Last month, Trump submitted yet another budget that pairs sky-high military spending with severe cuts to the rest of the government. Trump wants to use a budget gimmick to raise military spending to a colossal $750 billion; at the same time, supposedly concerned by the deficit, Trump is looking to cut domestic spending $2.7 trillion over ten years, slashing Medicaid, Medicare, food stamps, student loan programs, and funding for the EPA and most other government departments — even, at one point, gutting the Special Olympics. Bernie Sanders called it “breathtaking in its degree of cruelty.”

As usual, Trump’s budget request escalates a Washington tradition of turbo-charging military spending while demanding austerity from everyone else — and this at a time when the public is clamoring for public action on health care, climate change, and the opioid crisis. Jacobin’s Branko Marcetic spoke with Lindsay Koshgarian, program director of the National Priorities Project at the Institute for Policy Studies, to discuss these lopsided budget priorities — including how to cut the government’s gargantuan military spending and what that money could be directed to instead.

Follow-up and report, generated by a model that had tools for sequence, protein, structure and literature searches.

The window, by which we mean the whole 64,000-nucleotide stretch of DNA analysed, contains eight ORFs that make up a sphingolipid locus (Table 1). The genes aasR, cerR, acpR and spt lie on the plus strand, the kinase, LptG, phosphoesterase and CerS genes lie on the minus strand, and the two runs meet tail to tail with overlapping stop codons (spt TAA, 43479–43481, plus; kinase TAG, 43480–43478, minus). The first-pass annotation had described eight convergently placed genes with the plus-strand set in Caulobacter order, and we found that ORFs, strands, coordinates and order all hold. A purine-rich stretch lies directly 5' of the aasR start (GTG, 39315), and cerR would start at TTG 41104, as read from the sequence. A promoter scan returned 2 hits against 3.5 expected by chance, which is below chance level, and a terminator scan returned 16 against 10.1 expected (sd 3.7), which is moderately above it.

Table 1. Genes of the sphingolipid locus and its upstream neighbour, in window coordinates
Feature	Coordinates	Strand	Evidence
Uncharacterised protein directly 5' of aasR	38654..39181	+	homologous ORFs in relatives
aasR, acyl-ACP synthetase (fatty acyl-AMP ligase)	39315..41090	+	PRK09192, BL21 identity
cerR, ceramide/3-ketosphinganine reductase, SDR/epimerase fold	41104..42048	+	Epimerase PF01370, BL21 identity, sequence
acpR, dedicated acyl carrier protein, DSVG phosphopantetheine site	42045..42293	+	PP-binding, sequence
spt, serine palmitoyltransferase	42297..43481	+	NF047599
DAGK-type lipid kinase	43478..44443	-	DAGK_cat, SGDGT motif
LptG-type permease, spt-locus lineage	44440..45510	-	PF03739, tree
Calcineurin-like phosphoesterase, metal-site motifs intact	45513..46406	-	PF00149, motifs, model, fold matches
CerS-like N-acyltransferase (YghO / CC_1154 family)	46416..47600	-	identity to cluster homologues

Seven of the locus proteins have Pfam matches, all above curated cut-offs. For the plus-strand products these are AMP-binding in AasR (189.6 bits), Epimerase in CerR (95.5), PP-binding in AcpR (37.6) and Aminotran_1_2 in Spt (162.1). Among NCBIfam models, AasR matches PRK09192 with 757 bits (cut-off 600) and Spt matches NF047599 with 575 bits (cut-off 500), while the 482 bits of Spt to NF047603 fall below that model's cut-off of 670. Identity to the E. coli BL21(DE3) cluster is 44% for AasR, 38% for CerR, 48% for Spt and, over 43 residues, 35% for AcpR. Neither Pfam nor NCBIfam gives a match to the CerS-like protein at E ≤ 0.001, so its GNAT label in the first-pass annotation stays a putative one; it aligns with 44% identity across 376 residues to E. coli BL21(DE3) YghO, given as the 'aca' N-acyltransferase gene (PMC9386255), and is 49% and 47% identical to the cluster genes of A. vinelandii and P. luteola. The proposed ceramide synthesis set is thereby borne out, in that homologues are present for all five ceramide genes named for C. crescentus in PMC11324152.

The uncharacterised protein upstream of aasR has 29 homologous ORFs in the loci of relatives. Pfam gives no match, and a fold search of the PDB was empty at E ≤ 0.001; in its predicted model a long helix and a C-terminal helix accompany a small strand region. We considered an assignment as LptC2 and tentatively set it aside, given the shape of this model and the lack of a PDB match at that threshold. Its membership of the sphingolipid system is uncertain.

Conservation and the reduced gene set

Read the full article at Jacobin.

Lindsay Koshgarian directs the National Priorities Project at the Institute for Policy Studies.

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